Three separate terror attacks, some or all of which may have been coordinated, rocked Tunisia, France and Kuwait on Friday, killing at least 63 people, including Western tourists.
In Tunisia, a popular destination for European tourists, at least 37 people were shot dead by gunmen on a beach in the resort town of El Kantaoui near the city of Sousse. Britons, Germans and and a Belgian were among the dead.
Hours earlier, a French man was decapitated and an Islamist flag raised near a factory in the town of Saint-Quentin-Fallavier, near Grenoble in southeastern France.
Islamist extremists are suspected of involvement in both attacks, but no one had claimed responsibility by Friday afternoon.
A third assault took place in Kuwait, where a suicide bomber blew himself up at a Shi’ite Muslim mosque in Kuwait City, killing at least 25 people and injuring more than 200. The Islamic State militant group claimed responsibility for the bombing.
In Tunisia, two Kalashnikov-wielding gunmen reportedly ran amok among holidaymakers relaxing on sunloungers on a beach between two resort hotels.
The Tunisian health ministry said that holidaymakers from Britain, Germany and Belgium were among the victims, with unconfirmed reports suggesting an Irish woman was also killed.
One gunman was shot dead at the scene by security services, while another was thought to have been arrested after a firefight with police.
The German foreign ministry was setting up an emergency response team to help deal with the crisis, while Britain’s government convened its Cobra security committee.
Commenting on the shootings at an E.U. summit in Brussels, German Chancellor Angela Merkel said: “We have to be careful that Islamic fighters do not enter the European Union.”
In the French attack, a man carrying an Islamist flag killed one person and injured several others at a gas factory owned by U.S. company Air Products.
The attacker apparently entered the factory and set off small explosive devices. The decapitated body was found near the factory.
The victim is reported to be have been the manager of a transport company making a delivery, according to local paper the Dauphiné Libéré.
The French interior minister, Bernard Cazeneuve, identified the man arrested at the scene as Yassin Salhi, a 35-year-old who was known to intelligence agencies and has suspected links to an Islamic extremist group.
According to Dauphiné Libéré a second suspect, thought to be an accomplice, was arrested at his home on Friday afternoon.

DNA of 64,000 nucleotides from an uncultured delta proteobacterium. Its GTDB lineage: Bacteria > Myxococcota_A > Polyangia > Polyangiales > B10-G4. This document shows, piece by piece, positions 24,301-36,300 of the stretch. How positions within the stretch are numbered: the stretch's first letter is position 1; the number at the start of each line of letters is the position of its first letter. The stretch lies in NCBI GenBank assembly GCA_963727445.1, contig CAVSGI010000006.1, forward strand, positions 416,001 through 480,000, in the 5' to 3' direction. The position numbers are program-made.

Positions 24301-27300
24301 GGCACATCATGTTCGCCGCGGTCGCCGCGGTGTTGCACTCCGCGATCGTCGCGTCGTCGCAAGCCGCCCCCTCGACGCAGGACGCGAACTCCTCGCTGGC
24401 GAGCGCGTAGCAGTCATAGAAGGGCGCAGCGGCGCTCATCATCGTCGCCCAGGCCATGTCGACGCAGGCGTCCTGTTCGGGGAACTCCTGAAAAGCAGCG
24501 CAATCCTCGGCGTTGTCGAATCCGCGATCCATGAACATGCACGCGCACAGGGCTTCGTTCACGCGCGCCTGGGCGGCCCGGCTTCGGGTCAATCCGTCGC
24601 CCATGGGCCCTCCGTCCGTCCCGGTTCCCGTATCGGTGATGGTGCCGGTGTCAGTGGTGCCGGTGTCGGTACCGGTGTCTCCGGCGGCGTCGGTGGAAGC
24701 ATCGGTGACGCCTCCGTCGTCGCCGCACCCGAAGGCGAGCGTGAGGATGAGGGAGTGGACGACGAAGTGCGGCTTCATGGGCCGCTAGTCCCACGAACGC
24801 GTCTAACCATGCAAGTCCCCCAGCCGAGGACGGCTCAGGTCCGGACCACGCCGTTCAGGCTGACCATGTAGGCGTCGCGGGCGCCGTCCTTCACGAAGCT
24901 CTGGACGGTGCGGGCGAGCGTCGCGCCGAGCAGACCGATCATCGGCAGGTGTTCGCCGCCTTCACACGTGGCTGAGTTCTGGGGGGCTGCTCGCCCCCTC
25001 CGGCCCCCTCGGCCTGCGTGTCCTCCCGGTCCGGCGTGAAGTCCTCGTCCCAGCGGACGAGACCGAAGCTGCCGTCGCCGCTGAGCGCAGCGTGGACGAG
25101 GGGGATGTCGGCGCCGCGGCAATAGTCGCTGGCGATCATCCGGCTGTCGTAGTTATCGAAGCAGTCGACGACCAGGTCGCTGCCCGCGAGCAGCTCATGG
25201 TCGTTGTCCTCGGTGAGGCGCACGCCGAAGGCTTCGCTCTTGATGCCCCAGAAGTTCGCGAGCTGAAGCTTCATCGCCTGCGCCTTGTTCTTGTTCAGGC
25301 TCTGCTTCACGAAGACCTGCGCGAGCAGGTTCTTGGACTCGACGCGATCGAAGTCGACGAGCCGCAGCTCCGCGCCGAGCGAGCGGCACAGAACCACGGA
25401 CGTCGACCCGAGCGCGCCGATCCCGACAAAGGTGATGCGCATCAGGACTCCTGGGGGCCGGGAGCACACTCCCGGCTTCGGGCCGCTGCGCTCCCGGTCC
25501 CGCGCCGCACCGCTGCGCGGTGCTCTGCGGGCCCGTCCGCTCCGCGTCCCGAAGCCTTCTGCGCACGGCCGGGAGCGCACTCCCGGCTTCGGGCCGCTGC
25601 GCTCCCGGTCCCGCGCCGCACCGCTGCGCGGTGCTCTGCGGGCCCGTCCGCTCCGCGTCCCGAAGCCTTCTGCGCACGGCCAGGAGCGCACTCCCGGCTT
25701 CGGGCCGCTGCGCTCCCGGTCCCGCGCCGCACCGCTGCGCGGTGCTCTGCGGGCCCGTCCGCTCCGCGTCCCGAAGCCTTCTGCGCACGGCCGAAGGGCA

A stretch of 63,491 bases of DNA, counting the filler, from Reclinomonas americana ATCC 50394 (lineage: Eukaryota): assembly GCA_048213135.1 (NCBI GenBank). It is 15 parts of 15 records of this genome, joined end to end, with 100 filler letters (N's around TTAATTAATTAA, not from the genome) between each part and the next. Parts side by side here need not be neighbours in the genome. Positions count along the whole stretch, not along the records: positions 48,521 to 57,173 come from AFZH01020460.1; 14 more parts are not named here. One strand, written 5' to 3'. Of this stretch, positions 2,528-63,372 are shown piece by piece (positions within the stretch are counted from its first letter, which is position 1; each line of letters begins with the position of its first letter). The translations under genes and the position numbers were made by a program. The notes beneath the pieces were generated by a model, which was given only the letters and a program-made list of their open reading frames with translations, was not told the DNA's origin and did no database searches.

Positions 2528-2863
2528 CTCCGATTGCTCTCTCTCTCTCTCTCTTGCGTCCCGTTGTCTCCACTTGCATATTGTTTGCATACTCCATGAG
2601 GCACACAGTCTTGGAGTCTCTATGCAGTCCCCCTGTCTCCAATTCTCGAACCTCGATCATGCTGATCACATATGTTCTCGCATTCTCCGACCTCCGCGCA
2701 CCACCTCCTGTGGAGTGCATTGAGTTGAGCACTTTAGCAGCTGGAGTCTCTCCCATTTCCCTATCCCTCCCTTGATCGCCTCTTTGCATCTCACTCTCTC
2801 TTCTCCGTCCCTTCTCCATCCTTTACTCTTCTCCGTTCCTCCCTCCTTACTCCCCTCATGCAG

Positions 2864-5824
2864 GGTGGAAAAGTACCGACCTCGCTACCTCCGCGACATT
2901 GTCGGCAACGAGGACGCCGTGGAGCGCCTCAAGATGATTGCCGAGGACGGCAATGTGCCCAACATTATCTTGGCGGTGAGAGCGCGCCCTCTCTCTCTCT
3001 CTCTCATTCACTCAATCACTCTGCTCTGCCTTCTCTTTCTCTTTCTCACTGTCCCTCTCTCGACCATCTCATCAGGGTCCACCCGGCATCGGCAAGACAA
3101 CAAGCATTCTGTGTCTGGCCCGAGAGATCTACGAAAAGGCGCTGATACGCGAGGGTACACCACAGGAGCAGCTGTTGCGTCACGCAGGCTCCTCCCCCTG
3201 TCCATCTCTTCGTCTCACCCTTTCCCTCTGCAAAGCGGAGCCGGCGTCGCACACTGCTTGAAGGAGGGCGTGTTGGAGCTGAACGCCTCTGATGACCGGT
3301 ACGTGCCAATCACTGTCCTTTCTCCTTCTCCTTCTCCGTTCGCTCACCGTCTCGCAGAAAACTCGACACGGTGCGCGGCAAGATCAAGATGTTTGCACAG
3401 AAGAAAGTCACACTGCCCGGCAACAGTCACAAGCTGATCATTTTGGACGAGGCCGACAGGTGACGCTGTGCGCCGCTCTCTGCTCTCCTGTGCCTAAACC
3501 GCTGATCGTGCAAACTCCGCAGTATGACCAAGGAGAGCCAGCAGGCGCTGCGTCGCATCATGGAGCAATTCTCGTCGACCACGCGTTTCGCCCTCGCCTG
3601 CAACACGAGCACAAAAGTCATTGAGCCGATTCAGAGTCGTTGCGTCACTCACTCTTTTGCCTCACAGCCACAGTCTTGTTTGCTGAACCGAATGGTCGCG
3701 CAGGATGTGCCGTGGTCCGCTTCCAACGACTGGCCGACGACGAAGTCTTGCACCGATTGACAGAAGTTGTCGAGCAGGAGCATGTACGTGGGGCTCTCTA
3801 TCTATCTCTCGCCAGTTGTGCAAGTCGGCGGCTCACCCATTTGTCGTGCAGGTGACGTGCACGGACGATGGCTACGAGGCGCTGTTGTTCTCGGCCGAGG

French President François Hollande said the attack was of “a terrorist nature” and left an E.U. summit in Brussels to return to Paris, where he planned to hold an emergency meeting. Prime Minister Manuel Valls is to cut short a trip to South America.
After news of the attack broke, Mr. Hollande said: “There is emotion. But emotion must not be the only response. Action, prevention, deterrence and the necessity… not to give in to fear… Creating useless divisions and suspicion would be intolerable.”
The German foreign affairs minister, Frank-Walter Steinmeier, said his country stands “shoulder-to-shoulder with France in the defense of our free society against the blind hatred of terror.”
Meanwhile, the country’s interior minister, Thomas de Maizière told reporters that “there was no guarantee that such an attack would not take place in Germany,” but that security services were doing everything to minimize the possibility.
Islamist terrorists struck France earlier this year.
On January 7, two gunmen entered the offices of Charlie Hebdo magazine in Paris, killing eight members of staff, including four cartoonists. The irreverent magazine had long poked fun at the political establishment and major religions, including Islam.
Four hostages were killed by another attacker in a Jewish supermarket in Paris the same week.
All three attackers were killed by security guards.
On Friday, at least 28 people were killed in an attack by two gunmen on two hotels near the Tunisian city of Sousse.
At least one gunman has been shot dead, Interior Ministry Spokesman Mohammed Ali Aroui told reporters, saying that the police were now pursuing a second man.
A British tourist close to the scene of the attack described his experiences to British broadcaster Sky News.
Gary Pine said he was on the beach and heard what “we thought was firecrackers going off” followed by an explosion from the next hotel complex along.
“There was a mass exodus off the beach,” he said. Mr. Pine said his son said he had seen someone get shot on the beach.
He said that his hotel told guests to lock themselves in their rooms, and later to gather in the lobby.
Tunisia has been on alert since an attack by Islamists on the Bardo museum in Tunis in March in which 22 people died.
Meera Selva is an editor at Handelsblatt Global Edition in Berlin who has covered politics and security issues in Europe and Africa. Siobhán Dowling covers European politics. Gilbert Kreijger, an editor with Handelsblatt Global Edition, contributed to this article. To contact the authors: firstname.lastname@example.org, email@example.com.